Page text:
The Seven Last Words of Jesus – Rev. David M. Lockhart






 THE FIRST WORD – Father, forgive them, they know not what they do   cross

“Father, forgive them, for they do not know what they do ( Luke 23:34).


Maybe there is a time in your life when someone hurts you deeply. It breaks your heart beyond the point of forgiveness. Jesus says forgive them for they know not what they do, because those who crucify him know not who he is. Maybe the person who hurts you deeply knows exactly what they do, but even if they know what they do to you is wrong, you still must forgive as Jesus forgives. When you confess Jesus as Savior and Lord, you know God wants you to forgive the one who hurts you deeply, just as Jesus forgives those who crucify him. The Bible tells us God forgive the sins of those who forgive the sins of others. If we forgive not the sins of those who sins against us, doing us wrong, then God forgives us not for our sins. Forgiveness is not debatable, no matter how deeply others hurt us, we can do nothing less than forgive them. When we forgive, we do it for us more than we do it for others; we forgive so God can forgive us. Think about it today, is there someone who hurts you deeply beyond the point of forgiveness that you never forgave? I pray you ask God for strength to forgive them, so God can forgive you for your sins. When you do forgive,  you feel the freedom that forgiveness brings and the joy of knowing you become like Jesus, forgiving.



THE SECOND WORD – This day thou shalt be with me in paradisecross

“Truly, I say to you, today you will be with me in Paradise ( Luke 23:43).”


As Jesus hangs between two criminals, one of them begins to make fun of him saying, “If you are the Christ, come down from the cross and save yourself and us.  The other criminal speaks up for Jesus, saying, “do not you fear God?  We are getting what we deserve, but this man did no wrong.  Then he speaks to Jesus, saying, “when you come into your kingdom remember me.”  Jesus answers him, saying, ” today you be with me in Paradise.”  Jesus not only looks at us, but through us.  He looks into our hearts and knows all about us; he is an x-ray technician.  No matter how old you are, no matter your past, when you confess your sins and accept Jesus as the Lord of your life, you spend the rest of your life in Paradise when you die. One criminal who crucify with Jesus believes  he is the Son of God.   And believing he says to Jesus, “When you come into your kingdom remember me.”  The criminal’s faith amazes.   He never sees Jesus raise Lazarus from the dead, and yet he believes.  He is not at the wedding feast to drink the water Jesus turns into wine, and yet he believes. He is not there when Jesus feeds five thousand with two fish and five loads of bread, and yet he believes the grave cannot hold Jesus. He never baptizes in the river Jordan, and yet he believes Jesus’ death is not the end of his own life.  He knows  both he and Jesus soon die on a rugged cross, but he believes in eternal life.   The criminal believes Jesus has power to get up out of the grave; he also believes Jesus has the power to resurrect him and give him a home in his kingdom.  Jesus calls his kingdom, Paradise.  If you want to live in Paradise with Jesus the invitation is open today.  Whoever will let them come?   Jesus says, I stand at the door and knock, whoever hears my voice, I will open and let them into Paradise.  Don’t fear, Jesus forgive you of your sins; you are worthy of Paradise, because Jesus die for your sins.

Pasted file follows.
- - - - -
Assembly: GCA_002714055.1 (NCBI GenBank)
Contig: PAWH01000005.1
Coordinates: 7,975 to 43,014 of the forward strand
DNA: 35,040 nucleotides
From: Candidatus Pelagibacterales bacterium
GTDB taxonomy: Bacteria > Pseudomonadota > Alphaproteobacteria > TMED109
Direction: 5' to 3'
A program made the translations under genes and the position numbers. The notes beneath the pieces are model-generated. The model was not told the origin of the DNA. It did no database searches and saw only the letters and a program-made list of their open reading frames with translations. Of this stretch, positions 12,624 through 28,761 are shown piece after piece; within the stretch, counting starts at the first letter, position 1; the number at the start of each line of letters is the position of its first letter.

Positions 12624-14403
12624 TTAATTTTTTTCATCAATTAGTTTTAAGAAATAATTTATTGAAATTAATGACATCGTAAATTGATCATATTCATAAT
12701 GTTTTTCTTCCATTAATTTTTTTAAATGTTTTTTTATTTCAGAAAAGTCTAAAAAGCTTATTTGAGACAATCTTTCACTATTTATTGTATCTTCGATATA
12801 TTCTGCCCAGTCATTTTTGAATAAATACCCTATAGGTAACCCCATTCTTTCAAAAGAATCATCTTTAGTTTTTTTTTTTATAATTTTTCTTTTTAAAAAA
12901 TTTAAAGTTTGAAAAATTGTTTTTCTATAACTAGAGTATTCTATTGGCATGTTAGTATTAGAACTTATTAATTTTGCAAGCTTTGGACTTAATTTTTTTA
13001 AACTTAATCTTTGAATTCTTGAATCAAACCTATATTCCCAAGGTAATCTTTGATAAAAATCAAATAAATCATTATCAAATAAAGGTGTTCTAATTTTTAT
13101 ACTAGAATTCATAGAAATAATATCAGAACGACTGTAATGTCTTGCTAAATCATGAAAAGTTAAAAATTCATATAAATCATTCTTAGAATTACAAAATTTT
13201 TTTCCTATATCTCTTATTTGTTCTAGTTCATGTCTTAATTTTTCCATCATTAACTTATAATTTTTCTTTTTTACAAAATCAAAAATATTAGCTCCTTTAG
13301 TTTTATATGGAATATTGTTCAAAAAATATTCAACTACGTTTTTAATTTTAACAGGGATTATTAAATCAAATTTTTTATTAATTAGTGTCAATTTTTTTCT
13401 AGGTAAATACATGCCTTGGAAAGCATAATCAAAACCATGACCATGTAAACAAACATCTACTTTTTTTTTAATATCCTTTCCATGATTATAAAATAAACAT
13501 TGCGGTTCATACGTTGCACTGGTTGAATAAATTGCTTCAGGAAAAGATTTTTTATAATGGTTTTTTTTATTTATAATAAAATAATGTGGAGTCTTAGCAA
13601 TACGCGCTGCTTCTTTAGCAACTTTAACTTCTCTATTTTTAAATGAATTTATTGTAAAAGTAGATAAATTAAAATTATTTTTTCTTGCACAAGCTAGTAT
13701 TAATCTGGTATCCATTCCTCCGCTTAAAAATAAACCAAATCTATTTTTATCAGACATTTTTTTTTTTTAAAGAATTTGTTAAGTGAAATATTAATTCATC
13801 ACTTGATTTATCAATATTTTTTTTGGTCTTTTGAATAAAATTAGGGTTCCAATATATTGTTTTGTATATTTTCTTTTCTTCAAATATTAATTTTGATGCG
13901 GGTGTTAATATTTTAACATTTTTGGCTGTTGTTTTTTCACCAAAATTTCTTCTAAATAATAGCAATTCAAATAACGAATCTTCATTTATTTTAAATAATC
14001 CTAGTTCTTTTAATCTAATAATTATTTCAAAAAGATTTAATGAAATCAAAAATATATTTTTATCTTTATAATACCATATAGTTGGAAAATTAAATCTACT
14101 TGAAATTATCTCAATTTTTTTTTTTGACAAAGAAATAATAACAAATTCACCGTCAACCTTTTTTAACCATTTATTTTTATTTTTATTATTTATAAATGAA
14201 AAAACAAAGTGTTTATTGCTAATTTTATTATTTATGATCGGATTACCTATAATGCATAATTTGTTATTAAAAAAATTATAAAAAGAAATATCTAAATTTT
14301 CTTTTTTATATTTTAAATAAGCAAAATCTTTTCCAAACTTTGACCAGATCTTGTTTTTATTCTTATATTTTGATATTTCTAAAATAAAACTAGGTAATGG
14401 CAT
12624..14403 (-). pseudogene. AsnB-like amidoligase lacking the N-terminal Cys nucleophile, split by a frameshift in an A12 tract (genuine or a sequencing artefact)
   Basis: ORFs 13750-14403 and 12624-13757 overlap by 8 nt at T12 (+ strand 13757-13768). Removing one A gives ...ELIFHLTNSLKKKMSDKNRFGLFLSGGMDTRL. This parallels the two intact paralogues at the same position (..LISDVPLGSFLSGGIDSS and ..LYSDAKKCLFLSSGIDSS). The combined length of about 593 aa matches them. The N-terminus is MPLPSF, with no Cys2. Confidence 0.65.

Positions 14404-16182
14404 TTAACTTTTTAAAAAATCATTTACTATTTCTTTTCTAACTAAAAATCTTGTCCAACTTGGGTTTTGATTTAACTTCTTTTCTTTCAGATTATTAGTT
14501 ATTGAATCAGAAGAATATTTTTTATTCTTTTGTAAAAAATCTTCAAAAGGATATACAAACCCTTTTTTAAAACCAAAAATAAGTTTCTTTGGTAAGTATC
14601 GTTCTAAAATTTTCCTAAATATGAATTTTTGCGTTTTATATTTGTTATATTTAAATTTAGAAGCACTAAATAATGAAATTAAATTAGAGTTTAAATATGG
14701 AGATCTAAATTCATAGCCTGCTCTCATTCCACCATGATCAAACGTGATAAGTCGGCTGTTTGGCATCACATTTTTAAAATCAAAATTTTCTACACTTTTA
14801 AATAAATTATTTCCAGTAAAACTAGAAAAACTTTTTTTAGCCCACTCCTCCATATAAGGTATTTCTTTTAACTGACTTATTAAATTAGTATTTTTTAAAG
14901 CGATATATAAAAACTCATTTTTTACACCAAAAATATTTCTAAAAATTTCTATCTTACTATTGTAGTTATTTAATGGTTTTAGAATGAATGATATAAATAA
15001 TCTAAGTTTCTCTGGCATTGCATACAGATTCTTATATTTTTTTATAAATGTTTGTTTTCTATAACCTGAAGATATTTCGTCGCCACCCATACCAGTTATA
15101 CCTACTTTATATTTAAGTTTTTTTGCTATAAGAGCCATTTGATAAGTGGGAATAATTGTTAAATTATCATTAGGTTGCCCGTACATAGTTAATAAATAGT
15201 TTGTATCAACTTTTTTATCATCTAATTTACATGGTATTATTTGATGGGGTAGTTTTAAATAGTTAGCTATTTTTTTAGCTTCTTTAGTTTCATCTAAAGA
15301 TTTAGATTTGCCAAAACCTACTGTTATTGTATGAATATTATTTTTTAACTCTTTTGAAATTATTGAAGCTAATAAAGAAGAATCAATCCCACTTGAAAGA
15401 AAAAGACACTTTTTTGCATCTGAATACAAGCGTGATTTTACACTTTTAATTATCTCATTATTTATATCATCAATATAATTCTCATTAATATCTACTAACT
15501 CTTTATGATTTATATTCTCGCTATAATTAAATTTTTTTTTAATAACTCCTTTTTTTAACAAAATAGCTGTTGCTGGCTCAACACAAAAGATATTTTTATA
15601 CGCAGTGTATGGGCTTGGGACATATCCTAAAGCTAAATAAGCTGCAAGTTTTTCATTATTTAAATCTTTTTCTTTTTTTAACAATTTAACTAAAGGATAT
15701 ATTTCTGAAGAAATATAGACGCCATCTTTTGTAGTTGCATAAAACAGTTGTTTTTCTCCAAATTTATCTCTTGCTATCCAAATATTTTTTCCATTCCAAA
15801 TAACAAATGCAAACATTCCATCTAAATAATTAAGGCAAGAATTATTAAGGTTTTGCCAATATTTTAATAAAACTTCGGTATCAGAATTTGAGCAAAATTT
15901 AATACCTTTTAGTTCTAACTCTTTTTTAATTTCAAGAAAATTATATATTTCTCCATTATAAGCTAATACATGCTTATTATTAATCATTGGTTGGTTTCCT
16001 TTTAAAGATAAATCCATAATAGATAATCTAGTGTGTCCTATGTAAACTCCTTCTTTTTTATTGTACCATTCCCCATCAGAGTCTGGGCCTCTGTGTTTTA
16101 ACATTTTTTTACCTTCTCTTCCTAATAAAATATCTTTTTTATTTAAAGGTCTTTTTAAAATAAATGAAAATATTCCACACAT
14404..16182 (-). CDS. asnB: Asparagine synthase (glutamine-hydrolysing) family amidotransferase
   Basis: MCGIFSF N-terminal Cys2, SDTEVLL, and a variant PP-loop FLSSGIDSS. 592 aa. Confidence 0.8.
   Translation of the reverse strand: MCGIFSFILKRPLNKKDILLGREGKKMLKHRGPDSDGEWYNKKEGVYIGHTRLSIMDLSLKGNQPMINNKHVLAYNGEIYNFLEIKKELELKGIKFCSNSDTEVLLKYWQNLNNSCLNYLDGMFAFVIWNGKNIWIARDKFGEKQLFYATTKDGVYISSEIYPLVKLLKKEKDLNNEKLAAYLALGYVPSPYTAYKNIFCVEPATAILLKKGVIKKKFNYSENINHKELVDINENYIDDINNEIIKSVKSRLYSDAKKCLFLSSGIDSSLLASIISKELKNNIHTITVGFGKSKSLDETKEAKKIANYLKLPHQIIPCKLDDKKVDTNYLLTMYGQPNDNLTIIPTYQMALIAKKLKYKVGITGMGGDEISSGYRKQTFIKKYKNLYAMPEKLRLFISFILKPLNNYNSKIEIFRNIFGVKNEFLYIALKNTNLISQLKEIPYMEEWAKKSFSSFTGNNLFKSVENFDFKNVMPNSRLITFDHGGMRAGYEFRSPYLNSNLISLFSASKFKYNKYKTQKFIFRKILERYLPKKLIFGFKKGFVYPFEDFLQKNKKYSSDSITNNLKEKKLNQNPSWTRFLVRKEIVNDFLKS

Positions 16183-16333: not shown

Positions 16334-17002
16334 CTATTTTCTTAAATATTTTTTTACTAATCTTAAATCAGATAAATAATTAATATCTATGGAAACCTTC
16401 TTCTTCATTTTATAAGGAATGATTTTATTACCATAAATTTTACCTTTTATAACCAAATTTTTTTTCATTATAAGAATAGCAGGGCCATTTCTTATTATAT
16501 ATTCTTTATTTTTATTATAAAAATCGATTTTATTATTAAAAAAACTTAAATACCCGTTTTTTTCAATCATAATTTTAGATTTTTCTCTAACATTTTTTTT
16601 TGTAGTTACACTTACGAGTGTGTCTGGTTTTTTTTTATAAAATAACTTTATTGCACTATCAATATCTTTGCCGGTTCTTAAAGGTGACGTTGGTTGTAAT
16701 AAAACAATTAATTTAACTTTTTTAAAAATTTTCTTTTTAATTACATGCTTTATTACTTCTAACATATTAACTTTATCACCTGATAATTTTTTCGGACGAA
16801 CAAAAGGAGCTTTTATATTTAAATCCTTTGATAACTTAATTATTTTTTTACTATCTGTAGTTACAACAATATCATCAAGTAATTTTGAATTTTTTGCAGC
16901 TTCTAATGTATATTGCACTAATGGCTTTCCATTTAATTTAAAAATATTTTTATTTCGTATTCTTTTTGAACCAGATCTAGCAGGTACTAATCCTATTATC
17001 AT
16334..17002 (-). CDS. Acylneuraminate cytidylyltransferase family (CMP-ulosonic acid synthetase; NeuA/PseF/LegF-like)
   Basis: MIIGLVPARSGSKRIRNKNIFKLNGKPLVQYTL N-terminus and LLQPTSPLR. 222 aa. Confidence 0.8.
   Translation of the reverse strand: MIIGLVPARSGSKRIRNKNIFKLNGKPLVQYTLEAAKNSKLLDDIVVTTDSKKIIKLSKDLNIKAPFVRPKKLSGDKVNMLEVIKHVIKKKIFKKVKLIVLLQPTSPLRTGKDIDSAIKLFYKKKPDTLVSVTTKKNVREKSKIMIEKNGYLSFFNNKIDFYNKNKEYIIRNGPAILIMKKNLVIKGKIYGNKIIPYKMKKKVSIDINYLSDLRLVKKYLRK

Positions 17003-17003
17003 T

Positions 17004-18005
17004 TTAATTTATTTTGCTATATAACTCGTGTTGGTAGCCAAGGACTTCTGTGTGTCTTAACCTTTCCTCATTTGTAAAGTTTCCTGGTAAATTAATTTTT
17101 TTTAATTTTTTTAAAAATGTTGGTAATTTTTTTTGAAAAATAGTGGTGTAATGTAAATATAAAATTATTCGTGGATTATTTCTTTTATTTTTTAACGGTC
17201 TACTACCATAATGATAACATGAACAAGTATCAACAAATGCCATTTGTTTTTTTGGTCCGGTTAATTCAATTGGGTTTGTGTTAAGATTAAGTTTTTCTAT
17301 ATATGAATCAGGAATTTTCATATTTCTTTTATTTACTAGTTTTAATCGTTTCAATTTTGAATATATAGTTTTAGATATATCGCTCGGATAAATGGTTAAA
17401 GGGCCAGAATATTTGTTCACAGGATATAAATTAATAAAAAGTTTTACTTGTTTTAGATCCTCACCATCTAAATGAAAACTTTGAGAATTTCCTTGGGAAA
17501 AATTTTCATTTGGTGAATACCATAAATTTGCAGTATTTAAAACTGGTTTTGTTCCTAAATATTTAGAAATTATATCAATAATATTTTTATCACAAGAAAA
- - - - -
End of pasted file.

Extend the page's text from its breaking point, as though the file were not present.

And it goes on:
THE THIRD WORD – Woman, behold you son.  Son,  behold your mother.cross

“When Jesus sees his mother, he said to his mother: “Woman, this is your son.” Then he said to the disciple: “This is your mother ( John 19:26-17).